On this weekend’s episode of Saturday Night Live, host and musical guest Chance the Rapper used his time on national TV to get the word out about the teacher’s strike in Chicago, which entered its eighth school day on Monday. According to the Chicago Tribune, many of the Chicago Public School system’s 25,000 teachers have been walking the picket line as they negotiate with the city.
Outside of Chicago, the strike has not received much attention. National news outlets have only briefly discussed the strike’s impact on the system’s 300,000 students, kept out of school as the teacher’s union and the city, led by Mayor Lori Lightfoot, try to work out a deal. But with Chance the Rapper’s gig on SNL, the teachers union got his support on a national platform. It was the most useful kind of activism a celebrity can do, behind donating their money. Instead of speaking broadly about vaguely supporting a cause (like that SNL video of Billie Eilish and Woody Harrelson emotionlessly talking about climate change), Chance brought eyes to a local issue that has specific goals.
During his opening monologue, Chance wore a red Chicago Teacher’s Union t-shirt. “It’s so great to be back here at SNL,” Chance said. “If you don’t remember, last time I was here I gave $1 million to Chicago Public Schools and I’m happy to say it completely fixed everything.”
Pausing to laugh, he continued. “No, honestly, to the teachers in Chicago I know you guys are on strike right now, I fully support you. I just wish that when I was in school, my teachers had gone on a strike.”
When the credits were rolling, three SNL cast members also donned CTU t-shirts; Cecily Strong, Chris Redd, and Alex Moffat all had on the red shirts in what seemed to be a show-wide endorsement of the union organizing and collective bargaining.
After the show, Redd shared a tweet doubling down on his support, writing, “GIVE THOSE TEACHERS EVERYTHING THEY NEED NOW.”
The CTU is currently trying to negotiate for higher pay, smaller class sizes, affordable housing for staff and students — especially for the 16,450 students who are homeless, as well as funding for more librarians and school nurses, and prep time to prepare for classes. The city has responded by saying that the demands are too costly.
“This is not something we do lightly, this is something we do with a heaviness in our heart,” CTU President Jesse Sharkey told the Chicago Tribune during a press conference on Oct. 16, just days before the strike began. “We feel as though, right now, the only way that we have to make important long-term changes in the schools that are going to affect all of us, is to do a short-term strike that is going to cause some difficulty and pain.”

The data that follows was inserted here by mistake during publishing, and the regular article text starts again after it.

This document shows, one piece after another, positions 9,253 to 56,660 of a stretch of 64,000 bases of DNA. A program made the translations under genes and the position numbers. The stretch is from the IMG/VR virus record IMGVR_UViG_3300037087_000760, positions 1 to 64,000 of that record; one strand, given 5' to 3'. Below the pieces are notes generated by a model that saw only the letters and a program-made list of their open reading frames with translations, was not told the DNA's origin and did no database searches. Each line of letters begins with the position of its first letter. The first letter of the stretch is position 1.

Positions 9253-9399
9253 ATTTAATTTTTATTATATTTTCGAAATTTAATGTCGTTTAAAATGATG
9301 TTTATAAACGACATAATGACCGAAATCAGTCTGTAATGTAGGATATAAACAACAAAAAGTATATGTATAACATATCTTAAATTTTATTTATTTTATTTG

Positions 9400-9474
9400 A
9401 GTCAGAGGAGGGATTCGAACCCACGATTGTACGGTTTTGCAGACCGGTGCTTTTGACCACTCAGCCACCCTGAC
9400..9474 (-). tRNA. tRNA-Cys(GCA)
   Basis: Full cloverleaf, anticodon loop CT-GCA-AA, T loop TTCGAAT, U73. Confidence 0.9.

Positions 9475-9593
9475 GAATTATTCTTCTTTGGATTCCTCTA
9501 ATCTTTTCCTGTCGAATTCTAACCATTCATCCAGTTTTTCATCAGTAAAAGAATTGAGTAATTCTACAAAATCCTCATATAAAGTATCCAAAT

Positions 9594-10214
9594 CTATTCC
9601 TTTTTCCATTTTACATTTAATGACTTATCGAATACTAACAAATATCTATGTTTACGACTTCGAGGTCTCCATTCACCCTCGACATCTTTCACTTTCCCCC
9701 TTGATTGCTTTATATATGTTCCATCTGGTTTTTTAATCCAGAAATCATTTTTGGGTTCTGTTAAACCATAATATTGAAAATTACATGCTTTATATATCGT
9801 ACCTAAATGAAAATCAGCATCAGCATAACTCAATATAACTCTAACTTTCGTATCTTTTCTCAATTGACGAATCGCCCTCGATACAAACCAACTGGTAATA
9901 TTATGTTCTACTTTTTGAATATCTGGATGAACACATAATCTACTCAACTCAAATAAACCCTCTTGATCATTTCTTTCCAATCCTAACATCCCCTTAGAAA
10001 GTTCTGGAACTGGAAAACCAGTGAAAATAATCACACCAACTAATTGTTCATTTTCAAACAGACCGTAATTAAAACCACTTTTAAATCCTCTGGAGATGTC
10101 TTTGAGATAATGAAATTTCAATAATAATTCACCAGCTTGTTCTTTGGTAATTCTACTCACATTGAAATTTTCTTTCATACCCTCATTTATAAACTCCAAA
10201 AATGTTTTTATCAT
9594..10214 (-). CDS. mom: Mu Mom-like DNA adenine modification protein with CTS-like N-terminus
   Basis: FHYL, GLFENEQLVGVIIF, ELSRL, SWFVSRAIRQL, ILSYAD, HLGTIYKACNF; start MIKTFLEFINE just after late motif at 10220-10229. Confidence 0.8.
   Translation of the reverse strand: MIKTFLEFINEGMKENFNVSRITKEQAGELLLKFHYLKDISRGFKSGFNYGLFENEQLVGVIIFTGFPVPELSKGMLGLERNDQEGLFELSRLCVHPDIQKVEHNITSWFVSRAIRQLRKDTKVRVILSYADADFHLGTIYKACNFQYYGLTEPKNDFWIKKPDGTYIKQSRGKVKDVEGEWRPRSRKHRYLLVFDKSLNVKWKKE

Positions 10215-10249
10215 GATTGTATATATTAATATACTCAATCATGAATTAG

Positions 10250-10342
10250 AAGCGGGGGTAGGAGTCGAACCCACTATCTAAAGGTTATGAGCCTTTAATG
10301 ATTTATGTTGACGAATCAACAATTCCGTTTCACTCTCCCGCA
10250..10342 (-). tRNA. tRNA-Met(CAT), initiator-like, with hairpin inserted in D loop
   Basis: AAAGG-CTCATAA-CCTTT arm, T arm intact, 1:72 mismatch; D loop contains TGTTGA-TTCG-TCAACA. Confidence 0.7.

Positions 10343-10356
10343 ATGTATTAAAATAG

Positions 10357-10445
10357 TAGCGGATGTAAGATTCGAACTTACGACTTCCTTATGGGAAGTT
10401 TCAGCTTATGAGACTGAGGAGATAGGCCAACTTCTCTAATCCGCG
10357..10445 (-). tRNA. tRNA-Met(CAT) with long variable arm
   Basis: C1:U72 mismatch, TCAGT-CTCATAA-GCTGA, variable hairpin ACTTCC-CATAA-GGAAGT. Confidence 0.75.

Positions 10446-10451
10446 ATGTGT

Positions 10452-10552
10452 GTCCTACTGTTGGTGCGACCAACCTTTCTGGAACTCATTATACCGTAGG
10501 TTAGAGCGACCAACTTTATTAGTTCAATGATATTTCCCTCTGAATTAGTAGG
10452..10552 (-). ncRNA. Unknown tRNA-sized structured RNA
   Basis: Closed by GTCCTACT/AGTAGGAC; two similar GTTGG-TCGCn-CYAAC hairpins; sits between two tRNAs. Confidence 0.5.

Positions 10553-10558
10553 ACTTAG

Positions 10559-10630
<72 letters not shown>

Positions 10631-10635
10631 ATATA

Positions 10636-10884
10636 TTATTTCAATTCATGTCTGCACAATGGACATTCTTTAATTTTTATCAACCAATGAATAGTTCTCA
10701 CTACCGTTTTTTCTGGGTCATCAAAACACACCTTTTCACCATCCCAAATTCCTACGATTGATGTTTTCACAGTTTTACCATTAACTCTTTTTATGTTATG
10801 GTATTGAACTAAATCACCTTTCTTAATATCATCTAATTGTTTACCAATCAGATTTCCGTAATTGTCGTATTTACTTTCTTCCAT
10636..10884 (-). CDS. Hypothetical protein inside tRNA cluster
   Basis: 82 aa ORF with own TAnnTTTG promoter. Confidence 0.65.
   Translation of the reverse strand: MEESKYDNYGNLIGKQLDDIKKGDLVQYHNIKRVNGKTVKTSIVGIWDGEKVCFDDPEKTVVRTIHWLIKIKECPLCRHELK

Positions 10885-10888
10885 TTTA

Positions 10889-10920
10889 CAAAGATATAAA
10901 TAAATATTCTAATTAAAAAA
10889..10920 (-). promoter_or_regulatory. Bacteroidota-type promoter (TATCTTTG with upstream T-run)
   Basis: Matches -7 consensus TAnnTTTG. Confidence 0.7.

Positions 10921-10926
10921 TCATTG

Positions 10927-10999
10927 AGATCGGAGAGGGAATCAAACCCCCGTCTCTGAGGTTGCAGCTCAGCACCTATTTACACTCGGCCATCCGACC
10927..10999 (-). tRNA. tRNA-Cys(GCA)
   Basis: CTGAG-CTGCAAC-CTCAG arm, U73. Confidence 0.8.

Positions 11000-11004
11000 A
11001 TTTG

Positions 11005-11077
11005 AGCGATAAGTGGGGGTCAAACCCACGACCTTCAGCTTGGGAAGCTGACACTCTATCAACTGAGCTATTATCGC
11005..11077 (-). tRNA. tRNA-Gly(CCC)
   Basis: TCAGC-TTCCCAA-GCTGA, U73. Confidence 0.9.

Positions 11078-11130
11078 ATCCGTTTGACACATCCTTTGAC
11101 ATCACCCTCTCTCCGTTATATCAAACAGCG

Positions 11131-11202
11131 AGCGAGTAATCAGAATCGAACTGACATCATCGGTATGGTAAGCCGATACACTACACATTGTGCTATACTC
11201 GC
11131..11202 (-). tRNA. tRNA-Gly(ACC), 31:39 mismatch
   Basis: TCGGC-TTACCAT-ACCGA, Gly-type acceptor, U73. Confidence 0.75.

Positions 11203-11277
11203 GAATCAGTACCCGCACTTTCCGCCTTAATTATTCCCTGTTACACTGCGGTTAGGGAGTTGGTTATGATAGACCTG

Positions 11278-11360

By lending his public support, and including the support of some of SNL’s cast, Chance the Rapper brought the program’s 6.3 million viewers into the conversation. Additional public support and awareness surrounding the strike put pressure on city officials to remain at the bargaining table with CTU.
Teachers in the union tweeted out their appreciation for Chance’s endorsement following his SNL appearance. The strike has also been supported by students in Chicago, who believe their teachers deserve higher pay and that they deserve better access to resources like nurses and librarians, as well as smaller class sizes.
As Chance said in his monologue, this isn’t the first time that he has advocated for Chicago public schools. In March 2017, he donated $1 million to CPS and called on other corporations to do the same. The Chicago Bulls followed his lead and matched his donation. In addition to the financial support, Chance created the non-profit Social Works, which not only directs money towards CPS, but also aims to “empower youth through the arts, education, and civic engagement while fostering leadership, accessibility, and positivity within Chicago.”
Chance’s continued and consistent advocacy for the students and teachers is a solid example of how celebrities can use their platform to effectively champion for a cause. The rapper has honed in a specific issue that has clear fixes and is in need of public advocacy, taking on the political implications of supporting organized labor and a controversial teacher’s strike.
Other famous people looking to make a real impact should consider Chance’s playbook for future celebrity activism. Or at the very least, try to be as good of an SNL host.